Fight For Press Freedom Rages On In South Asia_Featured_, Corporate Controlled Media, Media Monday, February 18th, 2013
While American journalists lament about President Barack Obama’s preference for TV interviews over sit-downs with newspaper outlets, journalists on the other side of the world are fighting — and dying — for press freedom. The situation in South Asia is dire for truth-seekers and news outlets as journalists are detained without reason, attacked and killed by their governments.
Press freedom, protected and guaranteed by the First Amendment, is something we often take for granted in the United States. The idea that journalists and citizens can write or talk about their rulers without fear of retaliation by a tyrannical government is as foreign to much of the world as their struggles are to Americans.
Four of the world’s most-populated countries — China, India, Pakistan and Bangladesh — and their neighbors are shamefully militant against the freedom of the press, and tensions have been escalating since the turn of the new year.
Many Nepali journalists in the far-west Dailekh region have been forced into hiding in light of violence against the press corps. Cadres, or groups of non-commissioned officers, of Nepal’s ruling party — the United Communist Party (Maoist) — were recently arrested in connection with the murder of Nepali journalist Dekendra Thapa. Last month, the party levied public threats against journalists in the region, saying they’d meet the same fate as Thapa if they didn’t cease and desist.
Cadres vandalized the offices of the daily newspaper Hamro Teshro Anka, barred journalists from covering a program presided over by Nepal’s prime minster and threatened journalists with pistols and handmade weapons.
On Jan. 29 in Nepal’s central Kavre district, six journalists were injured in attack from the Youth Communist League, the Maoist party’s youth affiliate, and face increased threats about releasing pictures of the event captured by Nepali photojournalists.
On Feb. 9, a journalist in New Delhi, India, was detained by a “special cell” of capital police and held for five hours at a flat belonging to his father-in-law, a Kashmiri politician. His wife was also pulled from his home and their children (left under police supervision) to be interrogated.
The Kashmir region, located in the far north of India, is hotly contested by the Indian and Pakistani governments, which both claim control over the area and have fought three wars over the region (1947, 1965 and 1999). Kashmiri dissidents also claim the Aksai Chin region to the east (currently part of China), and regional groups have called for independence from India, Pakistan and China.
The Indian government has imposed a curfew to curtail dissident activity in Kashmir, which has kept some journalists from getting to work. The government also suspended news printing and broadcasts Feb. 9, as well as partially disabling Internet and cell phone services in the region.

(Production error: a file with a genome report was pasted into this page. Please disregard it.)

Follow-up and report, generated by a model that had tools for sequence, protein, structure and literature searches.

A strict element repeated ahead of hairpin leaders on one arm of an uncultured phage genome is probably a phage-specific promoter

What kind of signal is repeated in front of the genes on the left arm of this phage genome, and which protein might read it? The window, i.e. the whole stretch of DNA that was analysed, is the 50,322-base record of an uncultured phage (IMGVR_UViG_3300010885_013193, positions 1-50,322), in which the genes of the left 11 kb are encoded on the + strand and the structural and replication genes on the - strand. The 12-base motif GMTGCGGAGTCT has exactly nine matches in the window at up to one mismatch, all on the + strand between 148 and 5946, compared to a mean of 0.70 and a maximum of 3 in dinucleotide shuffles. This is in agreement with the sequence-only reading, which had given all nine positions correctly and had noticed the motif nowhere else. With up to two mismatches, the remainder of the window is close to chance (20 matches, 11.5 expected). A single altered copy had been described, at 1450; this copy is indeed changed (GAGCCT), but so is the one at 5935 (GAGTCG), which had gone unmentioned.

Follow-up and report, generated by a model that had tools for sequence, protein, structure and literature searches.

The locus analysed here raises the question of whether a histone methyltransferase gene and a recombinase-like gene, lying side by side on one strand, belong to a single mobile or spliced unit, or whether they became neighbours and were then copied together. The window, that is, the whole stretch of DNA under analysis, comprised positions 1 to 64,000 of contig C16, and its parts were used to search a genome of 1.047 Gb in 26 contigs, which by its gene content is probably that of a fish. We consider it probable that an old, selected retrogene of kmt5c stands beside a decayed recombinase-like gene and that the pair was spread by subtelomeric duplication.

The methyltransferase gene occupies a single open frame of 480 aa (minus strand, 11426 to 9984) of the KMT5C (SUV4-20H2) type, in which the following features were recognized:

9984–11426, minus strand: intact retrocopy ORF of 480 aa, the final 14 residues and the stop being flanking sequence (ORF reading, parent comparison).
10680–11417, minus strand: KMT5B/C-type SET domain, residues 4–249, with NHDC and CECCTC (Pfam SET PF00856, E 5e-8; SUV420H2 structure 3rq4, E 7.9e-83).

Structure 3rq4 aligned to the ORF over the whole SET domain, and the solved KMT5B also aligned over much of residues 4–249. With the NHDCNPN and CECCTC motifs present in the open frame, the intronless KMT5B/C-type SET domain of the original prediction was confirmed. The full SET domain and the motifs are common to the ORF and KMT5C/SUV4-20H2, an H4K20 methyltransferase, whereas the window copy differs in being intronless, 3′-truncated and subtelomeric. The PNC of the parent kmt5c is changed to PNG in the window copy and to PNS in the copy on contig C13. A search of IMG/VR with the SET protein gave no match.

It’s been one year since the murder of husband-and-wife journalists Sagar Sarowar and Meherun Runi on Feb. 11, 2012, in the Bangladeshi capital, Dhaka, and the government has yet to release any information from investigations’ findings.
Local police initially failed to produce suspects or motive, and though the following investigation by Bangladeshi anti-terrorism force Rapid Action Battalion yielded nine arrests but no answers.
Bangladeshi journalism unions and associations observed a day of protest to demand results and due justice from the fledgling investigations.
It’s been three years since the mysterious disappearance of Sri Lankan journalist Prageeth Ekneligoda on Jan. 24, 2010. The country was about to hold its first presidential election after ending a 26-year civil war with militant separatists calling for independence for the island nation’s Tamil region. Ekneligoda had contributed to the campaign of a retired general who led the country’s army against the insurgency.
The retired general ran against incumbent President Mahinda Rajapaksa, who won reelection Jan. 26, 2010.
It’s unclear whether Ekneligoda’s disappearance is connected to his campaign involvement, but investigators into his disappearance have repeatedly called for extra time to examine the case details in the years since. Ekneligoda’s wife even petitioned the UN’s Human Rights Council.
In 2004, the IFJ joined forces with journalism outlets and press freedom organizations in the area to form the South Asia Media Solidarity Network, which seeks to “work together for media reform, for an independent pluralist media and to build public respect for the work of journalists in the region.”
This solidarity is based on a shared understanding of the importance of the craft of journalism, a commitment to good will and an understanding that journalists need to support each other to do their job in safety. Solidarity is also based on an understanding that journalists’ unions and press freedom organisations work together for these common interests and are crucial allies in this shared concern. (SAMSN website)
You can join them in solidarity to call for freedom of expression, freedom of association and journalists’ rights in South Asia by visiting their website and sharing their bulletins, released monthly to raise awareness of the issues and achievements of press freedom in the region.